“He doesn’t look like those mastodons with their bleached hair and their waxed pecs flexing,” Mr. Ellis explained by phone from his Los Angeles apartment. “It’s a more democratized look.”

Mr. Deen taps into a female fantasy that hasn’t seemed to interest porn studios much: a sensitive boy with closed-door swagger—the flip side of a good girl with a dirty mind. Onscreen he seems to exhibit savant-level responsiveness to his partner’s cues, anticipating (correctly, by the sounds of it) when she’d like to be kissed and when she’d like to be slapped.

His facility with the latter has incited a rising heart rate of moral unease, even among some of his co-stars. Mr. Deen, who has recently broken into directing, films about a scene a day—roughly one bondage and S&M scene for every three straight ones. Online, his teenage fans tweet and tumble and make gifs about his devastating eye contact—even as his co-stars lie bound and gagged at his waist. “There are these weird long flashes of tenderness that you don’t really see in straight pornography,” noted Mr. Ellis.

“I’ve been into rough sex pretty much my whole sexual life and so I’m not, like, bad at it,” Mr. Deen told me by phone last month, on his 26th birthday. “I don’t know how to say it without being a hideous prick, but I’m pretty good at having rough sex. It got to the point where a lot of girls who aren’t into that type of sex were afraid to work with me because they thought I was going to slap them in the face or something.  But I only do that if the girl is into it. There’s no reason to choke somebody if they don’t like getting choked. Then you’re basically being an asshole.”

When the two finally met, Mr. Ellis filed that type of misunderstanding under something they had in common. “We chatted amiably about the unearned feminist hysteria we both received at certain points in our careers,” Mr. Ellis happily tweeted out to his 250,000 followers in January.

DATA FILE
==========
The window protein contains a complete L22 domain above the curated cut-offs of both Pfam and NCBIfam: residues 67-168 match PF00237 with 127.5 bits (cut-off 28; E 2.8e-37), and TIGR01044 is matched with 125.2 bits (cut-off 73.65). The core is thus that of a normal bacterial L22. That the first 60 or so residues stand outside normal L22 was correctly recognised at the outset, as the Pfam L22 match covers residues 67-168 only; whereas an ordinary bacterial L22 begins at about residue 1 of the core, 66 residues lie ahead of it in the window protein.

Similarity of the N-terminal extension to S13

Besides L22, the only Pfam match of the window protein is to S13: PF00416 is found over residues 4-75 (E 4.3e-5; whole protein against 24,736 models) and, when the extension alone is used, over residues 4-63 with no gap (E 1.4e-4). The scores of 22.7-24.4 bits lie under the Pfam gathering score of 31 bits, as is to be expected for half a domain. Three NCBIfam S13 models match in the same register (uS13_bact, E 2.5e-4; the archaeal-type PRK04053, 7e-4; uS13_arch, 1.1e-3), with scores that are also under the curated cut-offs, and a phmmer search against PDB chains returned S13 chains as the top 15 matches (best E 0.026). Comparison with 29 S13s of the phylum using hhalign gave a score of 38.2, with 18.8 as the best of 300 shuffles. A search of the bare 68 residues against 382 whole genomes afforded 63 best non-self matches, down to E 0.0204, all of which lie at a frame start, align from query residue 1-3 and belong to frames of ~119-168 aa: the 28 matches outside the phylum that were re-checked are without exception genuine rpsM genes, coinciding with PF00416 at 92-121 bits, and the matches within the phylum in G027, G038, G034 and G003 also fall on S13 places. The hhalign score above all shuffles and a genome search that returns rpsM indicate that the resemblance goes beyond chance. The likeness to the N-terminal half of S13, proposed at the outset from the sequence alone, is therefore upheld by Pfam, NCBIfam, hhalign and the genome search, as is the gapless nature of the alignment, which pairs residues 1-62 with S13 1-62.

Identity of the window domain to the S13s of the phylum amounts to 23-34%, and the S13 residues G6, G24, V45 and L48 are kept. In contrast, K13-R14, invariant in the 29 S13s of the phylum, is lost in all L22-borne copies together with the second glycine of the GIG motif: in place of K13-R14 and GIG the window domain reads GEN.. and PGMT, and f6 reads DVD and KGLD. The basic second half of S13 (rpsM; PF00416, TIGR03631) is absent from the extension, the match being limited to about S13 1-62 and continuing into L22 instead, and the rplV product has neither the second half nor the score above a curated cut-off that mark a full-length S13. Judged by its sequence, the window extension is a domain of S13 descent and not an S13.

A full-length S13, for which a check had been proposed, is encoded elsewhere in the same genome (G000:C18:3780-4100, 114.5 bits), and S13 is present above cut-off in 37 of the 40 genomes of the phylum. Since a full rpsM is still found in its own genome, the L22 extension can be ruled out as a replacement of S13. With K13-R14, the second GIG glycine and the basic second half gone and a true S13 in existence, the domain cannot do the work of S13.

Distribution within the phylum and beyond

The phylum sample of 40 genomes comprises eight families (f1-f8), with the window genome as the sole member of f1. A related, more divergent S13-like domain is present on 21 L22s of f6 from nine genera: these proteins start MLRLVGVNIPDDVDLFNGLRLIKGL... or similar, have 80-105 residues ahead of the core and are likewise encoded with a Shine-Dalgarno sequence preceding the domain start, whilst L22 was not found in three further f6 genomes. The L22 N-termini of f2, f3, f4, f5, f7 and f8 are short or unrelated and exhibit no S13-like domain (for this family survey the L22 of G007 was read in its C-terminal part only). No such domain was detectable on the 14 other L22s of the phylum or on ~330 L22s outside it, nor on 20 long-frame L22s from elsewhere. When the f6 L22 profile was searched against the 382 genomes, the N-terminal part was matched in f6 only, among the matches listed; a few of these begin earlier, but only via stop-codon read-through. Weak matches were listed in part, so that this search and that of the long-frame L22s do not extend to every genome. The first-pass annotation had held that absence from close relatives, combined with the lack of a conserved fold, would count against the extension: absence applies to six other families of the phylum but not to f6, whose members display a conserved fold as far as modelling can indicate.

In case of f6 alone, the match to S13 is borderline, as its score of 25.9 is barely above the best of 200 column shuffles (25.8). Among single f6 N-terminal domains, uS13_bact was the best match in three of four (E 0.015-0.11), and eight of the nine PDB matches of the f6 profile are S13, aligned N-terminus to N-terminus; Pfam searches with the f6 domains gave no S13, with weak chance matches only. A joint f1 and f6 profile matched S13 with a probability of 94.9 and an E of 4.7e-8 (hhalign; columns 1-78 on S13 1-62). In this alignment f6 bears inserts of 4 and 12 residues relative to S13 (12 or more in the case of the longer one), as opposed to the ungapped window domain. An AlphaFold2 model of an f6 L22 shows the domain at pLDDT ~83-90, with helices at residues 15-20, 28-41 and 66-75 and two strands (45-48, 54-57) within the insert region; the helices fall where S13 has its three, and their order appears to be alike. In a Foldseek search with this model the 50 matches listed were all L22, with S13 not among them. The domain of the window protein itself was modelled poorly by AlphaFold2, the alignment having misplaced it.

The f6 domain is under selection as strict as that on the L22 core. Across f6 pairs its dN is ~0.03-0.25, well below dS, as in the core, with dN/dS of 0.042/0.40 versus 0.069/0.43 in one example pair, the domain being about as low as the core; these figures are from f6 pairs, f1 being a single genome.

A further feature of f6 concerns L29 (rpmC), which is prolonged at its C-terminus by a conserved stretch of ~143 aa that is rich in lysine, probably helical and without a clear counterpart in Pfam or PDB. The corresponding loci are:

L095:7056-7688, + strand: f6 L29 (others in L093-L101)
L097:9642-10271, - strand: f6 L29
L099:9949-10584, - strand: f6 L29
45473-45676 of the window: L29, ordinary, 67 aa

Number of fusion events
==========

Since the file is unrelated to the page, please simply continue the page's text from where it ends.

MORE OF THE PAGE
Mr. Deen has spoken publicly about abandoning certain “porn star punishment” sites for what he called “weird and sort of preachy reasons.” The sites he works for now, like Brazzers.com and Kink.com, make girls sign “limit sheets” that rate their comfort level on “every sort of sexual thing you can imagine,” he said. “Everyone has to sign it, the director, the top, bottom, everybody.

“It’s not like I’m beating women or sending messages that it’s okay,” he added. “Actually the opposite. Why don’t we just say it? The submissive is always the dominant party.”

On the blog A Feminist Sub (as in submissive), the twentysomething author analyzed her “crush” on Mr. Deen last June. “His scenes show how sex can be ‘degrading’ without being for-real degrading,” she wrote. “He does a lot of BDSM porn, and plays the dominant role, but is not a prick about it.” She also noted his exuberant approach to oral stimulation, which rarely gets as much screen time as when the genders are reversed, pointing to a particularly stirring 20 minute session, during which Mr. Deen was moved to “growl.”

There does seem to be something in Mr. Deen’s approachability and eagerness to please that makes conversations about pornography—and how women consume it—suddenly permissible in polite company. Of course, not everyone thinks inspiring girls to talk about porn, often with each other, is a good thing. Just ask Nightline.

Comments

  1. Good web site. On your blogs quite interest and i will tell a friends.

  2. Admiring the hard work you put into your blog and in depth information you present. It’s good to come across a blog every once in a while that isn’t the same out of date rehashed material. Wonderful read! I’ve saved your site and I’m including your RSS feeds to my Google account.